Badan Latihan dan Hidup Berdikari Malaysia (ILTC) pada 23hb Mac 2016 menyerahkan memorandum kepada ahli-ahli parlimen mendesak supaya golongan orang kurang upaya (OKU) dikecualikan daripada cukai barangan dan perkhidmatan (GST).

Disabled Members Protest

Disabled Members Protest
Disabled Members Protest at JPJ Wangsa Maju

ILTC Malaysia members staged a protest outside JPJ Wangsamaju KL.

ILTC Malaysia members staged a protest outside JPJ Wangsamaju KL.
Disabled group’s protest disabled drivers required to produce doc's medical report.

Saturday, 3 April 2021

Red tape stops disabled from getting monthly allowance

Red tape stops disabled from getting monthly allowance

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The Welfare Department has cancelled allowances for the disabled without any investigation into their circumstances, say the disabled.

PETALING JAYA: Bureaucratic red tape has apparently caused many disabled people to lose their monthly welfare allowances.

A man from the B40 income group, Kumar Nadeson, complains that his allowance has been cut off because he failed to fill up a yearly review form to confirm his eligibility.

He was unaware of the requirement and the Welfare Department cancelled the allowance without making any investigation, according to G Francis Siva, president of the Independent Living and Training Centre.

Siva told FMT the review form was a feature of an SOP the government put in place a few years ago to ensure that those receiving allowances are truly eligible. This followed reports of leakage of funds.

All disabled persons are now required to fill up the form every year, but Siva said many were still unaware of the requirement and claimed that there had been no effort to inform the recipients.

He said welfare officers should conduct door-to-door visits on the disabled to check on their availability in person.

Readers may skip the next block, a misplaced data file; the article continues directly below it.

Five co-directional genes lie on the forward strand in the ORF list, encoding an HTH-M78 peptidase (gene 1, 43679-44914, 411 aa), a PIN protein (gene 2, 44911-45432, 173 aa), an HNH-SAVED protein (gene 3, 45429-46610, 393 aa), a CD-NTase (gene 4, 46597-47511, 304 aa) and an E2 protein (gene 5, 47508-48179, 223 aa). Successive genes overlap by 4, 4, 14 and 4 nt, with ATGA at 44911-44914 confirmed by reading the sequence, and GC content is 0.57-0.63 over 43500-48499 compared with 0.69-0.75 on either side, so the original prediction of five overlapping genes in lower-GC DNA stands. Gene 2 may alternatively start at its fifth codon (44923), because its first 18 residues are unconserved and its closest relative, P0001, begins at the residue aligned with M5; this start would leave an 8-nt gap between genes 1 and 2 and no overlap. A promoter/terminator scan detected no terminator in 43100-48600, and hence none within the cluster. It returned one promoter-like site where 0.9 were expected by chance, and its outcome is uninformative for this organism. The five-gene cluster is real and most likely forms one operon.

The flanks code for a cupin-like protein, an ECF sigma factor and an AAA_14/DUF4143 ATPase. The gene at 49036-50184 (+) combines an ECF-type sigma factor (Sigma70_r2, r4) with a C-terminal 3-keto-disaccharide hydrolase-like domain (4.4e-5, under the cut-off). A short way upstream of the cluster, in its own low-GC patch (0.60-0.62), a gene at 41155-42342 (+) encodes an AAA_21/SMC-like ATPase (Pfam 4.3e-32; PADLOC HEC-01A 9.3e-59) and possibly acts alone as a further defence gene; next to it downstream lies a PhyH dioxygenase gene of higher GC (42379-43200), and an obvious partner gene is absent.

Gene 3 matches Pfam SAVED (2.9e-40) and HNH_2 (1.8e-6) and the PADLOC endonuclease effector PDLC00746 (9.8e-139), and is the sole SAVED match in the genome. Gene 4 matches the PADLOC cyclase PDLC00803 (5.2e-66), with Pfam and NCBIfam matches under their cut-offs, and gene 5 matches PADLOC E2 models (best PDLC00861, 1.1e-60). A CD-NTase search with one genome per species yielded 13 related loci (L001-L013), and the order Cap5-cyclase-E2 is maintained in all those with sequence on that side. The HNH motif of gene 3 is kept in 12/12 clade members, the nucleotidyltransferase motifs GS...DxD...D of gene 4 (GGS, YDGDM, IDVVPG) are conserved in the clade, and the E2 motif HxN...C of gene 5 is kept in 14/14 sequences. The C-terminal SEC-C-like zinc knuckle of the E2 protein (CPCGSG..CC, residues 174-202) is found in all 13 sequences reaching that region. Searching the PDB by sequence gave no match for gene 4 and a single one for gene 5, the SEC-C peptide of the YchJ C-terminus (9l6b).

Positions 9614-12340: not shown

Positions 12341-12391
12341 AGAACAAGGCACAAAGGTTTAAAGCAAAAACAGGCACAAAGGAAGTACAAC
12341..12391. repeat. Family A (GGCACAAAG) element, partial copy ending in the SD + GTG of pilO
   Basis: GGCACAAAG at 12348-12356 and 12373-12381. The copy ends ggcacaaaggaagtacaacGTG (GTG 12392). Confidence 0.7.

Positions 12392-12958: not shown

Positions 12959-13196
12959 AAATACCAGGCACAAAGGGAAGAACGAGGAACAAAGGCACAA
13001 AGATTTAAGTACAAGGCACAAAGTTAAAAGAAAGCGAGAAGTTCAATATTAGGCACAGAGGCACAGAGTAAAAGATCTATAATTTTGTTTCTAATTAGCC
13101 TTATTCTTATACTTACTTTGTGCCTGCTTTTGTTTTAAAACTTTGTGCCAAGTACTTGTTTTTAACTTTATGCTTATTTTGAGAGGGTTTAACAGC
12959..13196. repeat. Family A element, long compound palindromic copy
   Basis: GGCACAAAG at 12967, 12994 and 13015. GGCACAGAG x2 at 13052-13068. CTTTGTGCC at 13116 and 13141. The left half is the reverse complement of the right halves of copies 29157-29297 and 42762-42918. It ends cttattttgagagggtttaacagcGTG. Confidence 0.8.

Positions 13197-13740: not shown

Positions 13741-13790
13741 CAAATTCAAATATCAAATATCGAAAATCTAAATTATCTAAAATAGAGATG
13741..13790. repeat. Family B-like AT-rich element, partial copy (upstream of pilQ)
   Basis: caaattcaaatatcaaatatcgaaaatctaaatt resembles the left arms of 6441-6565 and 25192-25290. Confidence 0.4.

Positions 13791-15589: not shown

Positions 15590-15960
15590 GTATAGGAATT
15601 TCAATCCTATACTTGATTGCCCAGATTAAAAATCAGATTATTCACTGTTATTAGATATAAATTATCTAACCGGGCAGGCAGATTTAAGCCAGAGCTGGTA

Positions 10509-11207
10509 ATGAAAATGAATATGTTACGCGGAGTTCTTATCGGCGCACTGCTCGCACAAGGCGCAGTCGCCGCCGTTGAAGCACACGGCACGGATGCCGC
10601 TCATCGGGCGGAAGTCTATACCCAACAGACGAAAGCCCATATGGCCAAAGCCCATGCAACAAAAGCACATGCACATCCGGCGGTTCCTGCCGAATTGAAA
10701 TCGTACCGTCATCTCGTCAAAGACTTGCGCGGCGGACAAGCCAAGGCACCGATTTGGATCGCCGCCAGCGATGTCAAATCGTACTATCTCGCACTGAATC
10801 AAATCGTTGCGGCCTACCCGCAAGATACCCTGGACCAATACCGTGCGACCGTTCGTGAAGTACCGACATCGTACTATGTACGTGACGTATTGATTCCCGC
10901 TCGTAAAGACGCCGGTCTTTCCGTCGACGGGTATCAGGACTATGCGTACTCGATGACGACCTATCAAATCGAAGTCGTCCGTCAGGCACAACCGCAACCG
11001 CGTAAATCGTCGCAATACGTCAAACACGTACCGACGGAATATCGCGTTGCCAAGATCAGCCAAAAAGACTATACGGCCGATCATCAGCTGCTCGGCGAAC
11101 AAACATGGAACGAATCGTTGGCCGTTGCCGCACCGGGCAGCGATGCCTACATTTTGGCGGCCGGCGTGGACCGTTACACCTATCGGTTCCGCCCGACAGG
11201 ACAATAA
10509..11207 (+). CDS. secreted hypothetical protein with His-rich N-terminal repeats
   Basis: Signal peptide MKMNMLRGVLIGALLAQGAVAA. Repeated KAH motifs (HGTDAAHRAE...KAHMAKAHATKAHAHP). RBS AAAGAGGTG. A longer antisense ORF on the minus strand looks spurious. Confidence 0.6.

He called the SOP a form of discrimination and alleged that welfare officers had not visited the recipients to check on their condition before cancelling their allowances.

“Most of them can’t fill up the forms or even go to the welfare office because there is no proper public transportation for them,” he said, adding that many could not afford taxis or e-hailing services.

He urged Rina Harun, the minister of women, family and community development, to set up a meeting with stakeholders immediately to come up with solutions.

Choo Siew Cheong, assistant executive director of the National Council for the Blind, said the blind saw no point in complaining about the procedure.

He said: “What’s the point of complaining? If you complain, you may not even get the allowance back.”

He recommended an overhaul of the system governing the dispensing of welfare aid.

“It’s time we look at the current system honestly and see if we are really helping to support people with disabilities,” he said.

He urged the government to consider employing officers to go door-to-door to check on the eligibility status of the disabled, identify the deserving cases and adjust the amounts given according to the severity of disability.

The government could end up saving money by doing so, he said.

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